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Organic Chemistry: Is there any research on any psychedelics anymore?

  1. Oct 27, 2011 #1
    I'm really interested in how psychedelics and their alkaloids do what they do. I'd really like to get a graduate degree in organic chemistry with a focus on alkaloids or a subdivision thereof. But, I'm worried about how I'd make a living by studying things or things similar to things that are illegal. Anything I created would be made illegal in the US as a designer drug as soon as I published anything on it and someone decided to use it for non-research purposes.

    Is there any research being done in this area or am I going to have to move to the Caribbean or South America if I want to research stuff like this? I'm a senior in high school, so I'm asking because I'm trying to decide what I want to do in college. What I'm not is some hippie kid that just wants to get high or trip; there's plenty of natural ways to do that. My goal is just to understand how simple chemicals can break reality in such profound ways.

    EDIT: Title should be: Organic Chemistry: Is there any research on psychedelics anymore?
     
  2. jcsd
  3. Oct 28, 2011 #2
    I'm no expert on this exact topic but I'll try to give you something useful:

    Total synthesis of naturally occurring alkaloids is a very big area though, and includes synthesis of some psychedelic alkaloids. However, the motivation for making them is primarily to showcase methodology, confirm proposed structures, simply take on the challenge, or to provide enough/more material for biological testing. The last area seems to be your motivation, and unfortunately I find it unlikely that you could find a group that focusses on the synthesis of psychedelic alkaloids primarily because they're psychedelic. In order to secure funding, there must be some medicinal potential (however small), or there needs to be rare/novel/particularly interesting molecular architecture - simply being mind-altering is not enough.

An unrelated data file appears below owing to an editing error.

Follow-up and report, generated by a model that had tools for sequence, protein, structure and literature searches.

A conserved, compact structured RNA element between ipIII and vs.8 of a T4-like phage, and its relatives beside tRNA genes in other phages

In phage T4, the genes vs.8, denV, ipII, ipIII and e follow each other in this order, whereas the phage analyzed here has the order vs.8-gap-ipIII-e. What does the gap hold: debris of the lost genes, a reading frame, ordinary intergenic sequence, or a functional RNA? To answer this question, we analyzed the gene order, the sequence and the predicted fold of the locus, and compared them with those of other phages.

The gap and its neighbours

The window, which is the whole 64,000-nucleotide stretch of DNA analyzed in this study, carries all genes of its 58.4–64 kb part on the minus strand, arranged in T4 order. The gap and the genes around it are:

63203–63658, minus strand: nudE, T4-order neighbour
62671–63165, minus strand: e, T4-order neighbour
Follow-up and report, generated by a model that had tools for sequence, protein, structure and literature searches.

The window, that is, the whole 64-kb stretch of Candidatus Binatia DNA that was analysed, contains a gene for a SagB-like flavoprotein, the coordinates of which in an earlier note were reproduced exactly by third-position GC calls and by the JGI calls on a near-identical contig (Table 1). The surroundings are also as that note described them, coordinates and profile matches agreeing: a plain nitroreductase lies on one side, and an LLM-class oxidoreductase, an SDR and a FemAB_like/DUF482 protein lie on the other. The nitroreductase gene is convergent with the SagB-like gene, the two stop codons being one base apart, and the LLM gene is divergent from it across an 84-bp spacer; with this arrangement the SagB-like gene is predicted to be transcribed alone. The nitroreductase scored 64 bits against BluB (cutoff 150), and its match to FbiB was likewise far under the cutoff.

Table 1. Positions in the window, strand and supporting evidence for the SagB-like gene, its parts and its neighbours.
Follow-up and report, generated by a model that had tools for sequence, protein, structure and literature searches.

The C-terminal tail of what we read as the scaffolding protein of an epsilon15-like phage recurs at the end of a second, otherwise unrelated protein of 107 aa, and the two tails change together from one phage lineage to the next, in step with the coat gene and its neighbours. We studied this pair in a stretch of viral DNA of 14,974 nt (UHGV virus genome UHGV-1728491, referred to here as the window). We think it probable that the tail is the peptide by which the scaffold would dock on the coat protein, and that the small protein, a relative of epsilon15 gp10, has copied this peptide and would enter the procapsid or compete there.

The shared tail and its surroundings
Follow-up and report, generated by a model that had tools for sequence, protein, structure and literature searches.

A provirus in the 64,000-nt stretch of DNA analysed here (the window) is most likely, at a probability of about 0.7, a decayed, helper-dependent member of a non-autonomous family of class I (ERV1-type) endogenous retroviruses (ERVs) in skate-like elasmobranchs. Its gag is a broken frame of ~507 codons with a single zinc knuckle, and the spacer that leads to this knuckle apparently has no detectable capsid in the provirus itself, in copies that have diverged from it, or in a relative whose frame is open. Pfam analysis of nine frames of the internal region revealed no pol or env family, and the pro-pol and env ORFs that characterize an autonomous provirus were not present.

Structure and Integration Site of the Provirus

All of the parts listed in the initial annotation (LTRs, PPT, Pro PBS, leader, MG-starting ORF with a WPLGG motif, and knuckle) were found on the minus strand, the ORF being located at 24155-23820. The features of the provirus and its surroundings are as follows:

My advice to you is to look at the use/potential of psychedelic compounds as therapeutic agents.
     
  4. Oct 28, 2011 #3
    Maybe something like focusing on serotonin-like alkaloids and a bachelor's or master's in psychology and neuroscience would be helpful. That's a good idea to research them as therapeutic agents; there seems to be a trend of that becoming a more acceptable use lately. I've read about a study using psilocybin to help terminal cancer patients with their anxiety about death. One of the attributes that figure strongly in my interest in psychedelics is their ability to help people come to terms with problems. I would be really interested in seeing if they can help people with personality disorders. I think a self-disassociative like psilocybin could help people become okay with themselves and their disorders and possibly overcome them entirely.

    I may be misunderstanding the idea behind organic chemistry. Does it also study the question of how chemicals affect the body/brain? For example, would studying how psilocybin causes the mind/brain to perceive things that are actually familiar as novel be an organic chemistry study or a neuroscience study (or somewhere in between)? If somewhere in between, which would be more relevant?

    Thanks for your reply.
     
  5. Oct 29, 2011 #4
    Sounds like you're looking for "medicinal chemistry", which is basically a blend of organic chemistry and biochem/medicine. To make some sweeping generalisations: